“Miserando atque eligendo.” This is the Latin motto of our beloved Pope Francis. It refers back for him to the life-changing day in 1953 on the Feast of the Apostle and Evangelist, St. Matthew, when, like the tax collector, the 17 year old Jorge Bergolio experienced the mercy of God in a wonderful way through the Sacrament of Reconciliation.
This experience changed his life and served as the root of his call to the priesthood. The phrase, “miserando atque eligendo,” translates roughly to, “by having mercy, choosing him.” This is what Jesus did for Matthew when he was at his tax collector’s table and this is what Pope Francis felt he experienced in his own life.
When we consider this, we realize that mercy has shaped our Holy Father’s entire experience of God and his Faith. It has been at the basis of his self-understanding and of his ministry. When asked shortly after his election as Pope to describe himself, Pope Francis had an answer ready at hand. He said simply, “I am a sinner.”
Jesus could not have had mercy on Matthew unless Matthew was a sinner. Mercy is not due to someone who has no need. That mercy not only offered Matthew the forgiveness of his sins, it gave him a new life as one who knew he was beloved by God. Such is the case in the life of our Holy Father. Such must be the case for anyone who hopes to be a true disciple of Jesus.
Once we recognize this fundamental insight, and the role it has played in the life of this great man who is now Chief Shepherd of our Church, it comes as no surprise to us that he has declared this extraordinary Holy Year of grace in which we are all invited to reflect, pray and practice the transformative gift of mercy.
Pope Francis wants to challenge us all to recognize more deeply how wonderfully God’s mercy has entered into our lives and therefore, how great is our calling to practice this mercy in all our dealings with others.
But there is a necessary prerequisite that must come into play before mercy becomes the lens through which we see ourselves and others: we must recognize the same truth about ourselves as the young Jorge Bergolio came to know about himself: that we are sinners.
This is not simply to acknowledge that we make a mistake occasionally. And it is not to say that we sometimes make bad choices. It is to acknowledge that we are fundamentally flawed; that we have caused great harm to other people and to our relationship with God - and that without the help of God we are utterly hopeless and lost. God’s mercy isn’t therefore just something nice to have in our lives; it is an absolute necessity.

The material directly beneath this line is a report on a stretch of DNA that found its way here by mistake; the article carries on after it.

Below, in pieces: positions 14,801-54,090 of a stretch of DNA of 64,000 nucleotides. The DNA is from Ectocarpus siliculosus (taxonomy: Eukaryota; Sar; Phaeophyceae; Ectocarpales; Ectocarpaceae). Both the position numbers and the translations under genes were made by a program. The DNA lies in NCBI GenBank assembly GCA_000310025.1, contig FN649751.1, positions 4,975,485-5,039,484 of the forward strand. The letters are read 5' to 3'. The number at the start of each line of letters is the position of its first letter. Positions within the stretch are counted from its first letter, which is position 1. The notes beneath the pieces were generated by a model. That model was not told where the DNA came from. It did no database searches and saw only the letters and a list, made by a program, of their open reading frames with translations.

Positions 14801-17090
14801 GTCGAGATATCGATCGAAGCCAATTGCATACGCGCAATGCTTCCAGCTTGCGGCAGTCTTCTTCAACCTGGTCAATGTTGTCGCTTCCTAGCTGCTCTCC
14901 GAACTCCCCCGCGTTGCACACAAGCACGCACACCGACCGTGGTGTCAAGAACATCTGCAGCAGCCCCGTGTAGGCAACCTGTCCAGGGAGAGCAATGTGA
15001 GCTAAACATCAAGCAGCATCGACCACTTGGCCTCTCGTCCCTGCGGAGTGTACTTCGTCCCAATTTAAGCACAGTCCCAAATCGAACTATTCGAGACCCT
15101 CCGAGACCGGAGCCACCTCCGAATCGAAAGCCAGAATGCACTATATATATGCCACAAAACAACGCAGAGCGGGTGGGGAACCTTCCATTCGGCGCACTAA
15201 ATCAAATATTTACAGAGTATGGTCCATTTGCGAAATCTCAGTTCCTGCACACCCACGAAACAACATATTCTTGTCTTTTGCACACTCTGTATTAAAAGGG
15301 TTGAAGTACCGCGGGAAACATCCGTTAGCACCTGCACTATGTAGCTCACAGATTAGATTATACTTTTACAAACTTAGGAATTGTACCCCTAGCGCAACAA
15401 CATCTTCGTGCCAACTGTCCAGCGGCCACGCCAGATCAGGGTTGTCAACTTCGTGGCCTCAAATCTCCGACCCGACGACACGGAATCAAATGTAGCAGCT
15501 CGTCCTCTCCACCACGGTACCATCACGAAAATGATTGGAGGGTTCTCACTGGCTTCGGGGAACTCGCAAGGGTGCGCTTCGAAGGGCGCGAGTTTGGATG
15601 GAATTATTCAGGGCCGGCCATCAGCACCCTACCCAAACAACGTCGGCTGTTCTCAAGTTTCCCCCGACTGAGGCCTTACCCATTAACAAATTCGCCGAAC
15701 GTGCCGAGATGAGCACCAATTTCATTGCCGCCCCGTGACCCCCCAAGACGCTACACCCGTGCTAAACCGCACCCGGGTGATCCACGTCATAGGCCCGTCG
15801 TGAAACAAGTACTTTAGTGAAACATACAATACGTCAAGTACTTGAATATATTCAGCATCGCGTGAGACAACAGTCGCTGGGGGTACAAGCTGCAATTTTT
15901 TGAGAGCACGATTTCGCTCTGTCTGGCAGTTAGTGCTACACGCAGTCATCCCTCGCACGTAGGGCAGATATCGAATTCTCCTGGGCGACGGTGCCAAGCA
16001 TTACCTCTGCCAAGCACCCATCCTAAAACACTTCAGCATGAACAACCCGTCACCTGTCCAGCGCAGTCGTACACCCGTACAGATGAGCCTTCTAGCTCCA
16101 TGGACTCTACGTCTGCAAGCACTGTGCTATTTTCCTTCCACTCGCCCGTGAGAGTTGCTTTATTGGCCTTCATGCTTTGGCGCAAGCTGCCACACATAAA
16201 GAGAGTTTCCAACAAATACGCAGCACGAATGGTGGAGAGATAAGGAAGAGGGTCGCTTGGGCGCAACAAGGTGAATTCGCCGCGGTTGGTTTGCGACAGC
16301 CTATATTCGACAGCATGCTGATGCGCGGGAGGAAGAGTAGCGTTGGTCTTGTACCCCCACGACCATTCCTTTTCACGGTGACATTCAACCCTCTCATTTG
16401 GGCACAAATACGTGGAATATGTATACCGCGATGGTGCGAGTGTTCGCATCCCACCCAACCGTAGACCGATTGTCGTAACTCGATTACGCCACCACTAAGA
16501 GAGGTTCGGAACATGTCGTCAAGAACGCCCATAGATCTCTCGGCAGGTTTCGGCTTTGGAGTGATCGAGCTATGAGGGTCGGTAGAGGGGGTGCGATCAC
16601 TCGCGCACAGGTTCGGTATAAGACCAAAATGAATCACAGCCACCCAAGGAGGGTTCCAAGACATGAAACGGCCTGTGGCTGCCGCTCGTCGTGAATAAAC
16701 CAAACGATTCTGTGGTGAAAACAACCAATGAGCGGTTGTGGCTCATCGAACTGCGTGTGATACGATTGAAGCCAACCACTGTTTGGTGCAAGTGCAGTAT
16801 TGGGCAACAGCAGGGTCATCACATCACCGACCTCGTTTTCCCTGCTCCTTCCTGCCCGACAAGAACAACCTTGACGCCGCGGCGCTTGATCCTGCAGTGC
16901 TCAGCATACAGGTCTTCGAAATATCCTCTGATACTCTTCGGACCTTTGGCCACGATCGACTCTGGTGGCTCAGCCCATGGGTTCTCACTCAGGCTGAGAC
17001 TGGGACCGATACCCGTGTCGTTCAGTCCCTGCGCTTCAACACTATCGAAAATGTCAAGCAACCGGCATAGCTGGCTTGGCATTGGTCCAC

God’s saving love is revealed in mercy. When we begin to grasp this truth everything changes. Mercy becomes the guiding light for our life. It is the ground of our relationship with God; the reason for our hope, the secret ingredient sustaining all our relationships, the reason for our joy.
Soon we will bless the Holy Doors at our Cathedral and three parishes throughout our Diocese. As we walk in to these churches, there will be opportunities of special grace. All of our Vicariates and parishes will outline special events for this Holy Year, especially the celebration of the great Sacraments of Mercy led by the Sacrament of Reconciliation.
I pray that this Year of Mercy will be for each of us and for our whole diocesan community a time of grace and transformation. May we also be brought to the point at which we can declare with Pope Francis, “miserando atque eligendo.”
-Bp. Mark When I was installed as Bishop of El Paso nearly 5 years ago now it really hit home to me how big a role retreats play in strengthening, and in many cases, reviving, the Faith of our people here. During my homily I mentioned those whose Faith had grown in charismatic retreats, marriage encounters, evangelization retreats and ACTS retreats. With the mention of each retreat experience the cheers grew until the Convention Center shook with the roar of those who had made an ACTS Retreat. The response left no question in my mind about the essential role these retreats play in our lives today.
Finances for the Diocese have been very tight lately but I could not say no, nor could our Presbyteral Council or Catholic Properties Board, when Dr. Mena offered to sell the Holy Trinity Retreat Center at a very favorable price and under very favorable terms to the Diocese of El Paso. This was a place into which he had poured his blood, sweat and finances these last twelve years. After living his own ACTS retreat Dr. Ascension Mena had seen a need for these life-changing experiences to have a home in El Paso. With his skills as an organizer, a businessman and a builder he gathered dedicated men and ACTS brothers and sisters around him to build this impressive facility literally from the ground up.
Step by step they added facilities especially geared to ACTS, but useful for any retreat or meeting experience. It was not planned to be luxurious or ritzy but it would provide a place where people could gather and God could work. Many will tell you today how much this simple facility in the desert has meant for their walk with God.
We have only in the last few days completed the purchase of the facility so future plans are still in the works. We will certainly need everyone’s support to make this bold new undertaking a success. Stay tuned for exciting announcements as we bring together people with vision to develop the full potential of our amazing new facility! In the meantime start planning your retreats and other church related meetings at your new diocesan home. Just call the Catholic Properties office at 915.872.8406 or 915.355.0978.
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Most Rev. Mark J. Seitz